Both Le Monde and Le Figaro give pride of place to yesterday's decision by the German Constitutional Court to accept the terms of the European Stability Mechanism.
"Germany gives the green light to European salvage plan" is the Le Monde headline.
Le Figaro's version reads "Germany gives Europe a glimmer of hope".
The question now is, does the German Chancellor Angela Merkel herself have a glimmer of hope? She has promoted the stability measures disliked by the majority of German voters who see the plan as simply more of hard-working northern Europeans paying the debts of ne'er-do-well southern wasters.
Le Figaro says the implications of the Karlsruhe decision for France can be summed up in the expression "ultra austerity". Because the Stability Mechanism comes with the most stringent obligations which will have to be met by all member states, not just those up to their noses in the financial caca. So stringent, indeed, that the struggling Spanish have already said they'd rather be in debt than agree to Europe's terms.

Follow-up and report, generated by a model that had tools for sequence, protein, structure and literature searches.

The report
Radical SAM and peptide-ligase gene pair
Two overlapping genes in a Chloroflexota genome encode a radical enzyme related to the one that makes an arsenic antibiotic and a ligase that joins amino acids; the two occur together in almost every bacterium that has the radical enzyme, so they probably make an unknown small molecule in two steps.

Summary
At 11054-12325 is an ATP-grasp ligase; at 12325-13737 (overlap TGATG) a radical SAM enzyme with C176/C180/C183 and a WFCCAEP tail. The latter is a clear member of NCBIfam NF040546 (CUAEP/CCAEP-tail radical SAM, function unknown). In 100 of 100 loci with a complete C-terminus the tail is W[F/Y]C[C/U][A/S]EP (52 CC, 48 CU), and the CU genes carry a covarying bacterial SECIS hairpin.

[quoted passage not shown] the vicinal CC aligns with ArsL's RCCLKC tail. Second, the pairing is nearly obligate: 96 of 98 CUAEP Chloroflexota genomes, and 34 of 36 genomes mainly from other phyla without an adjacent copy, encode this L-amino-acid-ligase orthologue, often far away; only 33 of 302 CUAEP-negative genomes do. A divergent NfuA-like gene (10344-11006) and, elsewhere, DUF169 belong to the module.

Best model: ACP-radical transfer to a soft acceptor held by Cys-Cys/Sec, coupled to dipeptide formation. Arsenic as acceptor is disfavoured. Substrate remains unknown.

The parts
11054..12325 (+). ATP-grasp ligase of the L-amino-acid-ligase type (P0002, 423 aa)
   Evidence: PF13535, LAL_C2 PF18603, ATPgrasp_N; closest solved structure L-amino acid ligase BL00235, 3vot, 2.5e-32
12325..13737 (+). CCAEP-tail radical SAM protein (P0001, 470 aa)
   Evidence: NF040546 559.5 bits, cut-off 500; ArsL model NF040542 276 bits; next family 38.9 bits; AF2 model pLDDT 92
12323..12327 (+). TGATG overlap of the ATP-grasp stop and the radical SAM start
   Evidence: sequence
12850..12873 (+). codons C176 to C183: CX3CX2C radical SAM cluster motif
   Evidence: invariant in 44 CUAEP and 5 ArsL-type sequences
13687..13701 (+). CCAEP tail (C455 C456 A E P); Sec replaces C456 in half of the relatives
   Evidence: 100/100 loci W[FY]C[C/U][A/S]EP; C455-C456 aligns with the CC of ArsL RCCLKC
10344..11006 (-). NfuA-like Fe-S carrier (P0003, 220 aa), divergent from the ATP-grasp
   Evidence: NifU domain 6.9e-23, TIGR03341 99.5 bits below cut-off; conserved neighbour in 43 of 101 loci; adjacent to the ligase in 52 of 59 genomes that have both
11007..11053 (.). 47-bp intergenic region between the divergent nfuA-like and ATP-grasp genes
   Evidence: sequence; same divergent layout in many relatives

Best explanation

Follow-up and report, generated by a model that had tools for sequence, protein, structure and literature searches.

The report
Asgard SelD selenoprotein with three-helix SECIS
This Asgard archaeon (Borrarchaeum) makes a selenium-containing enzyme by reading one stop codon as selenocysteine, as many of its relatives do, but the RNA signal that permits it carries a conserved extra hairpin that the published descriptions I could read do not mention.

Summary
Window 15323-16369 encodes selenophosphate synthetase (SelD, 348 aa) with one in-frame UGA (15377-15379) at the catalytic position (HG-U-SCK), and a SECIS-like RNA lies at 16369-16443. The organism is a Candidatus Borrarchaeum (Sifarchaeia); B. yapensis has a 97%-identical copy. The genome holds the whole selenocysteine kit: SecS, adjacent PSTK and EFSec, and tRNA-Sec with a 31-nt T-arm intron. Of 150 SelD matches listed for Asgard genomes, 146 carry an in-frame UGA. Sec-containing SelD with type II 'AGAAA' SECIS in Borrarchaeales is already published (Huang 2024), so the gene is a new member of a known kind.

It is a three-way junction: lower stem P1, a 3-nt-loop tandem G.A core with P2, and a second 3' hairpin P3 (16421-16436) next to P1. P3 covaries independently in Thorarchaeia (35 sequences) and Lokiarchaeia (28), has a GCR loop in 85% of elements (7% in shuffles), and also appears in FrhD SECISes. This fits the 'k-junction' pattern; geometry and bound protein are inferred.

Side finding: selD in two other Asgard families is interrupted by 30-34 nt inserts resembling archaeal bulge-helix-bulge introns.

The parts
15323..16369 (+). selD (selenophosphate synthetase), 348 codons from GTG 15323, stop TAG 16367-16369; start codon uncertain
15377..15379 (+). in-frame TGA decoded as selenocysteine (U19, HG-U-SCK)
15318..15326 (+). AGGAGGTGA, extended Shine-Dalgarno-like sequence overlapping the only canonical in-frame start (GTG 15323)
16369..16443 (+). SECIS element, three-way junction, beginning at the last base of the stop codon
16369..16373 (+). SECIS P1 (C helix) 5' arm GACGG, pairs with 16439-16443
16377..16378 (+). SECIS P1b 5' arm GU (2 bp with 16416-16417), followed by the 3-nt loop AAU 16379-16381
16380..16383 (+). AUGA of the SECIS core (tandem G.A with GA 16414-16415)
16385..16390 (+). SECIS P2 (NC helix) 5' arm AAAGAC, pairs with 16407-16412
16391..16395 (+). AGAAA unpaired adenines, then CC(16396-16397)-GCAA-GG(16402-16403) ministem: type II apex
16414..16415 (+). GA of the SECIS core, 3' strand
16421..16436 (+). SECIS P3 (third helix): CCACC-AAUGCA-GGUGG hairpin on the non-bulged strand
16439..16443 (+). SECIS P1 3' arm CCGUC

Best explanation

The front page of tabloid paper Le Parisien is dominated by the news that one pill in every two taken by sick French people is a waste of time.
Two medical professors publish a book today, in which they review 4,000 commonly prescribed medicines. The verdict: half of them are useless, possibly even dangerous. And the state would save 10 billion euros every year if they took this junk off the list of medicines paid for by social insurance.
On inside pages, Le Parisien looks at the strange case of a French psychiatrist who is on trial for manslaughter, because she failed to diagnose chronic paranoid schizophrenia in a patient who subsequently murdered an 83-year-old with a hatchet. He was never tried for that crime because the courts found him so unstable as to be not responsible. But now, the law wants to know why the psychiatrist who monitored the man's case for years . . . during which there were several armed attacks and attempts to burn things down . . . failed to recognise that he was a walking menace.
The front page of left-leaning Libération looks at the on-going war between Google, Samsung and Apple for domination of the mobile phone market. Apple today launches the iPhone 5 which is larger but thinner than previous models, and is a fourth generation device, meaning it's faster, with better graphics and takes photos with more pixels than you'd believe.
It's going to cost you about 200 euros for the bog-standard version, and the real bad news is that it is not compatible with previous models. That's progress, folks.